The European Union plans to conduct early carbon market auctions, starting from July, to raise extra funds to help countries quit Russian gas and cut emissions, the European Commission said on Monday evening.
The EU plans to raise 20 billion euros ($21.62 billion) in grants from its carbon market, with 8 billion euros of that coming from carbon permit sales held earlier than planned.
The European Commission said up to 16.5 million extra carbon market permits would be auctioned early in 2023.
The remainder of the 20 billion euros would be raised from a carbon market fund designed to support innovative green technologies, but this cannot start until the EU tweaks its law on carbon market auctions to confirm the new volumes.
The fund would be replenished by selling 27 million carbon permits into the market from a special reserve, the Commission said.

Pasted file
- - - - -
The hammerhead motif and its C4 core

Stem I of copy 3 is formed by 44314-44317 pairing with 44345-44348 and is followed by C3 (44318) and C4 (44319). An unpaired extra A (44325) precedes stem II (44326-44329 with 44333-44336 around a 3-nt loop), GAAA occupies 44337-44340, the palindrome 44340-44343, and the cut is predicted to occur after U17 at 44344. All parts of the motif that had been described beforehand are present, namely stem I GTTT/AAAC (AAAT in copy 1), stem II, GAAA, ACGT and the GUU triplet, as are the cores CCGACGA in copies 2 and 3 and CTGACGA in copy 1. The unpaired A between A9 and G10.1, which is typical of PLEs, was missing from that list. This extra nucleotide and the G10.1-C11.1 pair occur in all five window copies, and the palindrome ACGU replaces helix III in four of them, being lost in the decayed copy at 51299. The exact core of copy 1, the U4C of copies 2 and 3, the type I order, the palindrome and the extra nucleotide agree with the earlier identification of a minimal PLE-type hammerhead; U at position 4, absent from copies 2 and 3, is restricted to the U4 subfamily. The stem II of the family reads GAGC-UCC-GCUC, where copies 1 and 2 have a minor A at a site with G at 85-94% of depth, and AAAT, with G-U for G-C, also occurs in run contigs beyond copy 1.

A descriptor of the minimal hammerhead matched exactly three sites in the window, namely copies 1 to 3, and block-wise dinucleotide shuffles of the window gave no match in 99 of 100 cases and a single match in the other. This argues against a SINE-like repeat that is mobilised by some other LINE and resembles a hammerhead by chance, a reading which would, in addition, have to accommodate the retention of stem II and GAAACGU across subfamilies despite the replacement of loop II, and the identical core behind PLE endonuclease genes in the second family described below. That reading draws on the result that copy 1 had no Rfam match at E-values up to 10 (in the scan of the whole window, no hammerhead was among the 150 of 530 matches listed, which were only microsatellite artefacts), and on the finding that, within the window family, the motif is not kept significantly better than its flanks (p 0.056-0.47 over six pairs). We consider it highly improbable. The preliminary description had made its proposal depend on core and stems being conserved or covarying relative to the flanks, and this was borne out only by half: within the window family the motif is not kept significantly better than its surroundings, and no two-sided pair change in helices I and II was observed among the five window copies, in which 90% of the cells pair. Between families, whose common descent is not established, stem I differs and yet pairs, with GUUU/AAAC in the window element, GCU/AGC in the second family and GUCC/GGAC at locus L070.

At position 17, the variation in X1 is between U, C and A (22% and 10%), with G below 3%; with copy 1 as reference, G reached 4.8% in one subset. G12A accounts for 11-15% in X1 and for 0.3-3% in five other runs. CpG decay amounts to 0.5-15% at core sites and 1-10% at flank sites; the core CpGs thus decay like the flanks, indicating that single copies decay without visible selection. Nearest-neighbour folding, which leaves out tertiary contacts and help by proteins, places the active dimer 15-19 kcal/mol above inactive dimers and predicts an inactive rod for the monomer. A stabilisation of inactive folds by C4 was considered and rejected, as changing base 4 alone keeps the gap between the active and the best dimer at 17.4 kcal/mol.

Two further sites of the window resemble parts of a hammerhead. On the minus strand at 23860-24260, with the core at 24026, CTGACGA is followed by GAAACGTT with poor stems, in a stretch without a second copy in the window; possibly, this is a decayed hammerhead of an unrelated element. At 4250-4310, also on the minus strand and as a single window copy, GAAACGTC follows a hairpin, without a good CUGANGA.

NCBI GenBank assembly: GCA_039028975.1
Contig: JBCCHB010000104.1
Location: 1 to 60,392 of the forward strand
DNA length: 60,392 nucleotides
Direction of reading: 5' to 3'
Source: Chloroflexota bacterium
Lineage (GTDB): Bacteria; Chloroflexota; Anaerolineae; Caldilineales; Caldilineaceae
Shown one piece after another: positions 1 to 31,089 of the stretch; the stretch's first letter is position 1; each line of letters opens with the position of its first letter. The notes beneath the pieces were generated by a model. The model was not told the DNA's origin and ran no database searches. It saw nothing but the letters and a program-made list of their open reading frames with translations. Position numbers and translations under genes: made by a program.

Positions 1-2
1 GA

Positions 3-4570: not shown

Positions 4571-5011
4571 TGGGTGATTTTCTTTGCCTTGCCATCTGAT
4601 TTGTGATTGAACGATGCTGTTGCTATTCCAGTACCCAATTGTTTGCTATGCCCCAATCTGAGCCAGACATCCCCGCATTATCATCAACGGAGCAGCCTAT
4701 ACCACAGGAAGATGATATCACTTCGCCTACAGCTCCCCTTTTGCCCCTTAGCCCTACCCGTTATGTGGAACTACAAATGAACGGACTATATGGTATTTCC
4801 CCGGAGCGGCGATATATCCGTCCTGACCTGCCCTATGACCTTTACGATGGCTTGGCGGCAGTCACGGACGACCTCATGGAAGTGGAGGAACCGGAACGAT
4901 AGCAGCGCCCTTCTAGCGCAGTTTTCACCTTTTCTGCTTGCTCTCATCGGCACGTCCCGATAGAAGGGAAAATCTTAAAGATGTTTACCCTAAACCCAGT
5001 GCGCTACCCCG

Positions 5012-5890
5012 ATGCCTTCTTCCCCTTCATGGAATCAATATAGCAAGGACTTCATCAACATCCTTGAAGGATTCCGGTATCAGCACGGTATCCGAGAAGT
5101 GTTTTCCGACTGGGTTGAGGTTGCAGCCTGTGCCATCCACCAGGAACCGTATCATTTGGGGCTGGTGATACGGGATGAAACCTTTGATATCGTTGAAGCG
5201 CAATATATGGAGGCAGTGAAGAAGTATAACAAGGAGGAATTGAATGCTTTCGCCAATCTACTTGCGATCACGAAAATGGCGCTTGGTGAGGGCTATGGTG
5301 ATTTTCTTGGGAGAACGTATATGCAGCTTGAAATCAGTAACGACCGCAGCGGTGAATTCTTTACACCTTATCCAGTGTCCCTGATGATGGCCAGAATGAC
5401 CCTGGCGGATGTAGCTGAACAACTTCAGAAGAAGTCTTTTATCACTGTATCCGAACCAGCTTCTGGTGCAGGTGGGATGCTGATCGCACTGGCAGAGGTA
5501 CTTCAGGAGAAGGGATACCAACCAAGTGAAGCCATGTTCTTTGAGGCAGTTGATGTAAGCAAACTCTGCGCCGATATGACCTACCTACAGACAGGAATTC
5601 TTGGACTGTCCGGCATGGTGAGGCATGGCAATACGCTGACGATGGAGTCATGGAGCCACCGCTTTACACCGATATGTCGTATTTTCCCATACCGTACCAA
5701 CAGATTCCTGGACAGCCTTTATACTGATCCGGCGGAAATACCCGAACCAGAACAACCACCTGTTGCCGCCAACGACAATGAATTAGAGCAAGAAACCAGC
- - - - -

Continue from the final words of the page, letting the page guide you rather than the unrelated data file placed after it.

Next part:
Countries will be permitted to spend the grants on renewable energy and energy-saving renovations to help replace Russian gas, and projects to aid heavy industries decarbonise.
The EU carbon market forces power plants and factories to buy CO2 permits when they pollute, and is the bloc’s core policy for cutting planet-warming emissions.
Carbon prices hit 100 euros per tonne for the first time last month, hiking costs for industries, but boosting the case to invest in some green technologies.
In principle, the carbon permits would be sold in equal volumes by August 2026, the Commission said.
($1 = 0.9250 euros)
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